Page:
In books like The Power of Your Subconscious Mind by Joseph Murphy, the point is made time and again that your mindset can and will determine your reality. Whether in the case of our marathon runner who doubted herself, or Derek Sivers choosing fun over sprint, mindset is critical in attaining your objective.
In other words, the things you tell yourself are what you bring about.
If you doubt yourself – your skills, your form, your preparedness – you will lose the mental battle. Much more so than someone that is resolute in their self-belief.
How to get into a better headspace
The big question is, then, how can you get into a better mindset? Well, a simple way is through gratitude. It doesn’t have to be much. Just a few minutes is likely all you need in order to receive the benefits.
For instance, one of my current goals is to spend at least five minutes each day thinking of things I’m grateful for. The reason being that:
“Thinking of what you’re thankful for helps to neutralize any negativity that you’re experiencing. In turn, this opens you up (consciously and subconsciously) for more positive things to occur in your life; much like a captain raising morale amongst the crew.” – a passage from my Now page
The case for gratefulness
In theory then, by practicing gratefulness you strengthen your mental resolve, thus achieving your goal that much easier.
After all, winning the mental battle is as important, if not more so, than doing the actual work itself.
If you don’t believe you can, you won’t. If you believe you can, you will. Gratitude is one way to repel negativity and enhance your mental fortitude. In turn, the stronger the mind, the easier it will be to get the result.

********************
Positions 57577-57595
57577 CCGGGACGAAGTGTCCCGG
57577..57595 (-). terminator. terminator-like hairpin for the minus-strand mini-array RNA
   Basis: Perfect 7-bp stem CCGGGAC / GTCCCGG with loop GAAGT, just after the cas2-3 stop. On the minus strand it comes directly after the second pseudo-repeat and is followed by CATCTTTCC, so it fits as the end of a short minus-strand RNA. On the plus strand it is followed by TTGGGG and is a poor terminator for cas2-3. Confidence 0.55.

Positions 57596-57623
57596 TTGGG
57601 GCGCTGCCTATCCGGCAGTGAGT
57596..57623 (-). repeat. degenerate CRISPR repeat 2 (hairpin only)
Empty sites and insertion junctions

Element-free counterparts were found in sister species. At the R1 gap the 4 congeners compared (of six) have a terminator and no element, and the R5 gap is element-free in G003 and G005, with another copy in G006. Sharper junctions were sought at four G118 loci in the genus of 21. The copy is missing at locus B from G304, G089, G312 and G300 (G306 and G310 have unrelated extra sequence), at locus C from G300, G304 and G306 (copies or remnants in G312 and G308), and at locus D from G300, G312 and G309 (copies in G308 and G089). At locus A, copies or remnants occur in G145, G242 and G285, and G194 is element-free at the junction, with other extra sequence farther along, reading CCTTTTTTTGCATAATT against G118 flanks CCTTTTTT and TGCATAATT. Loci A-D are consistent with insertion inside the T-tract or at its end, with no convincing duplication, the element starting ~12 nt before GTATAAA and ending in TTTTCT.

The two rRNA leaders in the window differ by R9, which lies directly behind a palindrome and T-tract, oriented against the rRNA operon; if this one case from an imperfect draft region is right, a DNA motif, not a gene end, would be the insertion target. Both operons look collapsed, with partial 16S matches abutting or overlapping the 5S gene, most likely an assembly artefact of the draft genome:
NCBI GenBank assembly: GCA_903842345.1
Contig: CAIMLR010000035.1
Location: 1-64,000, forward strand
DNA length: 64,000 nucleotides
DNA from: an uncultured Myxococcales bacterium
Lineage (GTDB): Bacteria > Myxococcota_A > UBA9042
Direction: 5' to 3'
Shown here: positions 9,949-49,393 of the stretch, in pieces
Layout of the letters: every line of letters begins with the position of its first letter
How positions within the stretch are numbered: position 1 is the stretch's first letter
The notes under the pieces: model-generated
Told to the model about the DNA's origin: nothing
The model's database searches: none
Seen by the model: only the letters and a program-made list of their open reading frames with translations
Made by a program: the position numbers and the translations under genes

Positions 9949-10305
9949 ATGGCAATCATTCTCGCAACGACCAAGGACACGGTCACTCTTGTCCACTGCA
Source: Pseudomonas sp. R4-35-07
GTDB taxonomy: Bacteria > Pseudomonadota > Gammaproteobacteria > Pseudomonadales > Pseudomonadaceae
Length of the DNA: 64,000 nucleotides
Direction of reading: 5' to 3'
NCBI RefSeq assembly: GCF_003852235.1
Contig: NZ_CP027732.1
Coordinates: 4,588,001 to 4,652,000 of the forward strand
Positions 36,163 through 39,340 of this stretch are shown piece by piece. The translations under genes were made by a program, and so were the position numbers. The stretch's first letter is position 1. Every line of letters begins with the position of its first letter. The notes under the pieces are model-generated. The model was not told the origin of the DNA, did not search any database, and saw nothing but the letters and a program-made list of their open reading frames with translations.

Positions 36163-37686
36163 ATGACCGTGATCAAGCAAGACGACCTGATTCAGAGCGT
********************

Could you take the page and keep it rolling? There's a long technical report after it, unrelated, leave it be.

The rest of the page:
To stay in the game.
Mile 16, once again
Let’s return to our marathon runner. Back at the mile 16 mark. Instead of concerning herself with the heat, with discouraging her “rivals,” or feeling the pain surging throughout her body, she thinks of the great things going for her.
How lucky she is to have a body strong enough to pursue such a challenge.
How fortunate she is for the clothes on her back, the shoes on her feet, the food and water in her backpack. For the money in her bank account, the car that she paid for in cash, for the home that she loves.
And so on.
Winning the mental
She still feels the overwhelm of the sun, she still sees the runners ahead, and she still recognizes the pain in her body, but it doesn’t hurt as much. She still experiences the need to walk, but the voice isn’t as loud.
Through her gratefulness, she shifts her mindset into one of positivity instead of negativity.
And that’s all she needs to keep going. Because, recall, she trained for this event. Her body can do it. It’s only a matter of keeping her mind strong. And it is. She inevitably passes the runners ahead of her. All the while, she thinks of how thankful she is to be competing against such amazing athletes that push her to be better.
Mile 17 passes. Then 20. Then 22, 23, 25. She sees the finish line. Only a few more steps. Only a few more steps. Almost there. She crosses the line with a smile on her face.
She did it. And so can you.